Peruvian daily attacked after linking police to gangs

New York, December 6, 2011–The offices of Peruvian regional daily El Sol de los Andes were attacked and vandalized on November 30 after the newspaper reported on alleged links between local police and criminal gangs, according to local press reports

A mob of around 30 people tried to break down the main door of the El Sol de los Andes office but failed, Oscar Rodríguez, the paper’s investigative reporter, told CPJ. The paper, which began publishing in October, is based in the central Peruvian city of Huancayo. Rodríguez also told CPJ that the mob burned newspapers and banners carrying the paper’s logo, defaced the wall of the building with paint, and prevented newspaper staff members from leaving the building for about two hours. One editor, Rocío Meza, fainted and could not be evacuated for medical care, Gino Márquez, associate editor of the newspaper, told CPJ. Meza eventually recovered, Márquez said.

Márquez and Rodríguez told CPJ that the attack was in direct response to a series of seven stories written by Rodríguez the week before, which connected Huancayo police officers to criminal gangs that have been murdering taxi drivers and stealing their cars to sell for parts. Fifteen Huancayo taxi drivers have been killed this year, Rodríguez said. He added that a police spokesman denied the police had any responsibility for the murders during a November 26 press conference.

One police officer was arrested for his alleged links to the gangs and three others were under investigation, the newspaper had reported earlier. Rodríguez had interviewed relatives of the implicated officers for the story, and was later able to identify them as the assailants in the November 30 attack.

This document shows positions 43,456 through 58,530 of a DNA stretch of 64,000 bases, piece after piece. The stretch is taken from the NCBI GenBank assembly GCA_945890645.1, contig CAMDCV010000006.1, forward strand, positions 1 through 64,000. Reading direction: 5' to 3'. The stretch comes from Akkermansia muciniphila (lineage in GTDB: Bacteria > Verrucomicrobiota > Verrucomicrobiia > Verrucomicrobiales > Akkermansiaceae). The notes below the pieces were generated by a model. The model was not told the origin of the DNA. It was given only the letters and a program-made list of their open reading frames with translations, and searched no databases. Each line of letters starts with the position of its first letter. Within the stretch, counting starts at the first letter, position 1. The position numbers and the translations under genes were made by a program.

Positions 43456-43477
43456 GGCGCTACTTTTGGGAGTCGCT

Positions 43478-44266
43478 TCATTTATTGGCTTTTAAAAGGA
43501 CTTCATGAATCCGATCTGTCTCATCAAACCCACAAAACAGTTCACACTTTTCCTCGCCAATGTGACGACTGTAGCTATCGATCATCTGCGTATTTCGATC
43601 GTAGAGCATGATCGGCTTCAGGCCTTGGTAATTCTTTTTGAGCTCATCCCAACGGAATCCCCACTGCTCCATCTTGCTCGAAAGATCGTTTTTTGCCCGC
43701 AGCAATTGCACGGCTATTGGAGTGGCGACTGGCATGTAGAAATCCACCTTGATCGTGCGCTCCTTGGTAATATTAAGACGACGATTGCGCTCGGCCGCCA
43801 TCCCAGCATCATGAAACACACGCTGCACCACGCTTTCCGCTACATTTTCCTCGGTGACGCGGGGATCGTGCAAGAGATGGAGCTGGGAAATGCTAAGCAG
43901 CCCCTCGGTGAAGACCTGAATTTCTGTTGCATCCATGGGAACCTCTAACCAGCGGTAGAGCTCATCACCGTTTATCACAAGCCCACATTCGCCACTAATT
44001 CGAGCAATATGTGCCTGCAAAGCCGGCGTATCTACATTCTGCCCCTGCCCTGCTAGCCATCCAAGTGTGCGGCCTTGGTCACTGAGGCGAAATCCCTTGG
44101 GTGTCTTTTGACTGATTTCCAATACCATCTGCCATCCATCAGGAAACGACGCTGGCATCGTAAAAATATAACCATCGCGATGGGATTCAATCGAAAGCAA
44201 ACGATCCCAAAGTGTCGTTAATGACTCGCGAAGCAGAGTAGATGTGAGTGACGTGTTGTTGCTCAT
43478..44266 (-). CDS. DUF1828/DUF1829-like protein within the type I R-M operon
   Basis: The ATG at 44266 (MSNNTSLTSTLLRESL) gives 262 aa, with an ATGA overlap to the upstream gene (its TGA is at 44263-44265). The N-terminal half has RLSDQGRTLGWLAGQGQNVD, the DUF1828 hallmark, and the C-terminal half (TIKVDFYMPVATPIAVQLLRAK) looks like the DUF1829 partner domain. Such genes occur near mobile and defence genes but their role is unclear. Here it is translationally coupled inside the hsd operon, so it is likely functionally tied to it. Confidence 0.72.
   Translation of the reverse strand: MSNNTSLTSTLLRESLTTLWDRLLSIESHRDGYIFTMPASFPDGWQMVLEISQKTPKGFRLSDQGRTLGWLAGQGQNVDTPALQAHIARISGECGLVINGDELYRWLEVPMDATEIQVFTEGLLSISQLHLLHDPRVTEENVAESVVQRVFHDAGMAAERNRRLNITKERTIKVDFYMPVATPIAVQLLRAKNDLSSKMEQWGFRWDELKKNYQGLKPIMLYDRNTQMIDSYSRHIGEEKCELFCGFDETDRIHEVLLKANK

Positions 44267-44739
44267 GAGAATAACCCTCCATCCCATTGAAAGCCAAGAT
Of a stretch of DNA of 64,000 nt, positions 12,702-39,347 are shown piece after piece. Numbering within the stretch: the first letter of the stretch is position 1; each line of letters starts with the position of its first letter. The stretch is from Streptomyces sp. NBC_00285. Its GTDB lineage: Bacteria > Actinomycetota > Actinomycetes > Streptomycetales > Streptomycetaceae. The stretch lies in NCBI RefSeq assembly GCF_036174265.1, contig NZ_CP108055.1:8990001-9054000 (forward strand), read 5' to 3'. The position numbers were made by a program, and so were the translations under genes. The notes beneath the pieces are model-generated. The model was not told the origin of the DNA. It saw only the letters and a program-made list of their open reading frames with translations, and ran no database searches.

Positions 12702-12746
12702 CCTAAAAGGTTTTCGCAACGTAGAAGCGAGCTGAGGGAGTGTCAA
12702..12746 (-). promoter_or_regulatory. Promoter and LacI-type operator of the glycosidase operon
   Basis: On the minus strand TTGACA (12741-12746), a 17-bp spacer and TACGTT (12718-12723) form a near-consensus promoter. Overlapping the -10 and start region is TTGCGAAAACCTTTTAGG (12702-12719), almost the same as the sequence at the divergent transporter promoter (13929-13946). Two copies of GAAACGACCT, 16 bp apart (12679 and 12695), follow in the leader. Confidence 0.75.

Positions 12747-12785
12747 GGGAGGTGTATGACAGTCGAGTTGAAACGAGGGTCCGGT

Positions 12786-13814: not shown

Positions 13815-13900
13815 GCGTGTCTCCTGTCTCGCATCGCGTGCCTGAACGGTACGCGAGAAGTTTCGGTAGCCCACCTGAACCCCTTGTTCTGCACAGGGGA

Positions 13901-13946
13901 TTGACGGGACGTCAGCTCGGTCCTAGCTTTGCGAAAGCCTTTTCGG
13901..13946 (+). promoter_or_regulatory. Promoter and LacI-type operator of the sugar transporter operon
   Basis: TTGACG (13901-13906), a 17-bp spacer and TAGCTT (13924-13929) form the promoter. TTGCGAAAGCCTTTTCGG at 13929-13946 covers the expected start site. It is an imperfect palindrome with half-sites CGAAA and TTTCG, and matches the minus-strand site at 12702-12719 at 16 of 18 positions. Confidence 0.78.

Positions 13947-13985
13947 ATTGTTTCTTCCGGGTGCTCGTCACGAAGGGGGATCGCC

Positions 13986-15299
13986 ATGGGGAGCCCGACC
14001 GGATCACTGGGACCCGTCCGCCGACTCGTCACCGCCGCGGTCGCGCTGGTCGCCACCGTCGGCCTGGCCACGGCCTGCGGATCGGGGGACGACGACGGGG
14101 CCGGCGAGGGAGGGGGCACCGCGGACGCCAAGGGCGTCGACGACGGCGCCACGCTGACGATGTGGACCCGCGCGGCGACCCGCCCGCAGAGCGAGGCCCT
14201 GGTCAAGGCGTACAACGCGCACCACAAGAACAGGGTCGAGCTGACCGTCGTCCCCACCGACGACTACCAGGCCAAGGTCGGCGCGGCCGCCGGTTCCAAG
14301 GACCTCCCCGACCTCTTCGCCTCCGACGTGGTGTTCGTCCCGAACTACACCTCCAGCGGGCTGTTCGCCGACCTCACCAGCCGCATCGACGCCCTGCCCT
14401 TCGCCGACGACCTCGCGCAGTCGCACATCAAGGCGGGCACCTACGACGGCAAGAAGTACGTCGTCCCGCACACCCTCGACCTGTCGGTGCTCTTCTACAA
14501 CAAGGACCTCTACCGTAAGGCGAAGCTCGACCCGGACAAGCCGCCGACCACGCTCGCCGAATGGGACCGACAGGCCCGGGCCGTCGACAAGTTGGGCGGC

“We condemn this attack on El Sol de los Andes,” said Carlos Lauría, CPJ’s senior program coordinator for the Americas. “This is the latest in a series of attacks on Peruvian media and journalists who investigate official misconduct. Peruvian authorities must ensure that the media can report critically without fear of reprisal.”

Despite numerous calls for help to the police station, located just two blocks from the newspaper offices, the police arrived late and just “stood around like spectators,” Márquez told CPJ. He said the mob was finally dispersed by the newspaper’s private security guards. But Huancayo Police Chief Colonel Salvador Iglesias told CPJ that his agents had responded in a timely manner and that reporters for the newspaper had exaggerated the hostility of the protesters.

Interior Minister Óscar Valdés said he would send a special group of law enforcement officers to Huancayo to investigate the accusations of misconduct within local police units and, specifically, to examine the alleged ties to the murders, according to press reports.

Peruvian journalists have been repeatedly targeted this year for reporting on misconduct by public officials and law enforcement officers. On March 9, news daily Voces was hit with homemade explosive devices. Three provincial journalists were murdered in 2011, at least one in direct reprisal for his work, CPJ research shows. CPJ continues to investigate the other killings.